"These privileges are thus secured, not with the intention of protecting members against prosecutions for their own benefit, but to support the rights of the people, by enabling their representatives to execute the functions of their office without fear of prosecutions, civil or criminal."32

The real liberals of their day provided for Congressional immunity in the English Bill of Rights and the United States Constitution. The Communists and the phoney and deluded liberals of today would take from the people the right to hear all of the facts from their representatives. Unfortunately, the freedom of Senators and Congressmen to speak unpleasant and embarrassing truths without fear of prosecution in lawsuits is at times abused. Rather than remove this freedom of speech, it would seem wiser for the voters to remove those who abuse that freedom of speech.

Do you feel that you properly used Congressional immunity to expose Communists and pro-Communists in government?

The test is whether the facts which I gave to the Senate and the country were true. If it could be proved that the facts which I gave the Senate and the country were untrue, then, of course, the use of immunity was improper. If, on the other hand, the facts which I gave the Senate were all true, there should be no objection to my giving the country the truth under the usual rules of Congressional immunity.

Even though the opposition has at its command the vast power of the federal government, it has been unable to disprove any of the evidence on the Communists, fellow travelers, and well-meaning dupes of the Kremlin which I gave to the committee and the Senate. One by one, those whom I named before the Tydings committee are being exposed and removed from government. Were I being proved wrong on the cases of John Stewart Service, Owen Lattimore, Philip Jessup, Edward Posniak, William T. Stone, and others, then the argument that I should not have used Congressional immunity to expose them would have merit.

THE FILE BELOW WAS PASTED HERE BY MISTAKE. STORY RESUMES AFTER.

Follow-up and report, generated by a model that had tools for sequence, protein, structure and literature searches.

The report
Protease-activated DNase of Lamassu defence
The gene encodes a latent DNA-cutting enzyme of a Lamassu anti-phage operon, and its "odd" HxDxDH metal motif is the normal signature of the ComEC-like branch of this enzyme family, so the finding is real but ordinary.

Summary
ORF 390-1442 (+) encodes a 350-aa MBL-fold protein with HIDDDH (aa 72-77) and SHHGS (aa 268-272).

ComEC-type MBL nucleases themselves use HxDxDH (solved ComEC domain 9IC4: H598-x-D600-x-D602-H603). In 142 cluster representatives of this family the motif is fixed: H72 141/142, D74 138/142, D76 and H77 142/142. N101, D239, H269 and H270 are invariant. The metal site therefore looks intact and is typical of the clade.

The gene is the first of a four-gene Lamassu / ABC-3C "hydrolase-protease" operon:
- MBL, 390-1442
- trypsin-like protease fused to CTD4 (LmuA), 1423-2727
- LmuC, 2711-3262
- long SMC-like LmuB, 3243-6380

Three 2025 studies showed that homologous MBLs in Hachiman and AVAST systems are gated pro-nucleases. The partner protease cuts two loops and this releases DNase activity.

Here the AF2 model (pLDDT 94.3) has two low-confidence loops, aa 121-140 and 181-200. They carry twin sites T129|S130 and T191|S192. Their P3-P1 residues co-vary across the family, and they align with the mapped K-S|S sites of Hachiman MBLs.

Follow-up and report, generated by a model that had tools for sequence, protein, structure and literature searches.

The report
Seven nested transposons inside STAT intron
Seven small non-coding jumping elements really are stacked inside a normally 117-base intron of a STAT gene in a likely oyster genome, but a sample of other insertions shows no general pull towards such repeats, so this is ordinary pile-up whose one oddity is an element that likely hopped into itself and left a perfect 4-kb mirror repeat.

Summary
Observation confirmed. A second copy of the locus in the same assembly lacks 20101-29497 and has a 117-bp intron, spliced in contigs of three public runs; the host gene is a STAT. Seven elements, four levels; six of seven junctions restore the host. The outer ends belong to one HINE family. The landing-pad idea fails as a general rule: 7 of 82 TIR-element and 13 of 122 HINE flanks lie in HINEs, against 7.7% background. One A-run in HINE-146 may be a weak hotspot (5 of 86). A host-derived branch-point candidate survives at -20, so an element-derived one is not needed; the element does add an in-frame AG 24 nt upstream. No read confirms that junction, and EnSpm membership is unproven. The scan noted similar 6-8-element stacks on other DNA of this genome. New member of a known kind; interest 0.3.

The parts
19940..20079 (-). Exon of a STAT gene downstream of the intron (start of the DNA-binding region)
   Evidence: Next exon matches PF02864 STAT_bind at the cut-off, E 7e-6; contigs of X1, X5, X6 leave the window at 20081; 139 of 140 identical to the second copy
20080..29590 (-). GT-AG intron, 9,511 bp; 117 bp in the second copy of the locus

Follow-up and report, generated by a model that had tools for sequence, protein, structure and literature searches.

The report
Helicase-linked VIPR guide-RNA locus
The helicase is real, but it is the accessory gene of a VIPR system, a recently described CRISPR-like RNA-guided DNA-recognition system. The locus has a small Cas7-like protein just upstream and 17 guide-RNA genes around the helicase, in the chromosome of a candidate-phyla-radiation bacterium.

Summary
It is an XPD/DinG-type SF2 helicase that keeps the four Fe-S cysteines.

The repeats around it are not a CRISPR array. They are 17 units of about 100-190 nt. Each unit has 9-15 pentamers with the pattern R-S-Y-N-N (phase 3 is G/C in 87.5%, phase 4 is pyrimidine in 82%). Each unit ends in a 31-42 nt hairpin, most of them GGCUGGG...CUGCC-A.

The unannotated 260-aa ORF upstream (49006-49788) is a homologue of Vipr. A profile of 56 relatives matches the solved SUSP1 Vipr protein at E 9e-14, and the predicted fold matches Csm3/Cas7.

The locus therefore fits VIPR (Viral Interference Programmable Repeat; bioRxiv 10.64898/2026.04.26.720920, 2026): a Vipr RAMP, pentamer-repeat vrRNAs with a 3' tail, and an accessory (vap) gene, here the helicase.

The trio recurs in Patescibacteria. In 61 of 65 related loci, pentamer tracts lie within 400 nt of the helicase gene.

A Senator who is aware of treason but who refuses to expose the dangerous unpleasant facts for fear that he will be politically scarred and bloodied if he does, is actually guilty of a greater treason than the traitors themselves. Every Senator has the duty to use the means provided by the Constitution to protect the people who

____________________
31
William and Mary, Session 2, Chap. 2: Frederick George Marcham, A History of England, Revised Edition ( New York, 1950), p. 434; William, Political History of England, Edited by William Hunt, Vol. 8, pp. 273, 278.
32
Coffin v. Coffin ( 1802) 4 Mass. 1, 3 Am. Dec. 189.

-17-

Notes for this page

Add a new note
If you are trying to select text to create highlights or citations, remember that you must now click or tap on the first word, and then click or tap on the last word.
One moment ...
Default project is now your active project.
Project items
Notes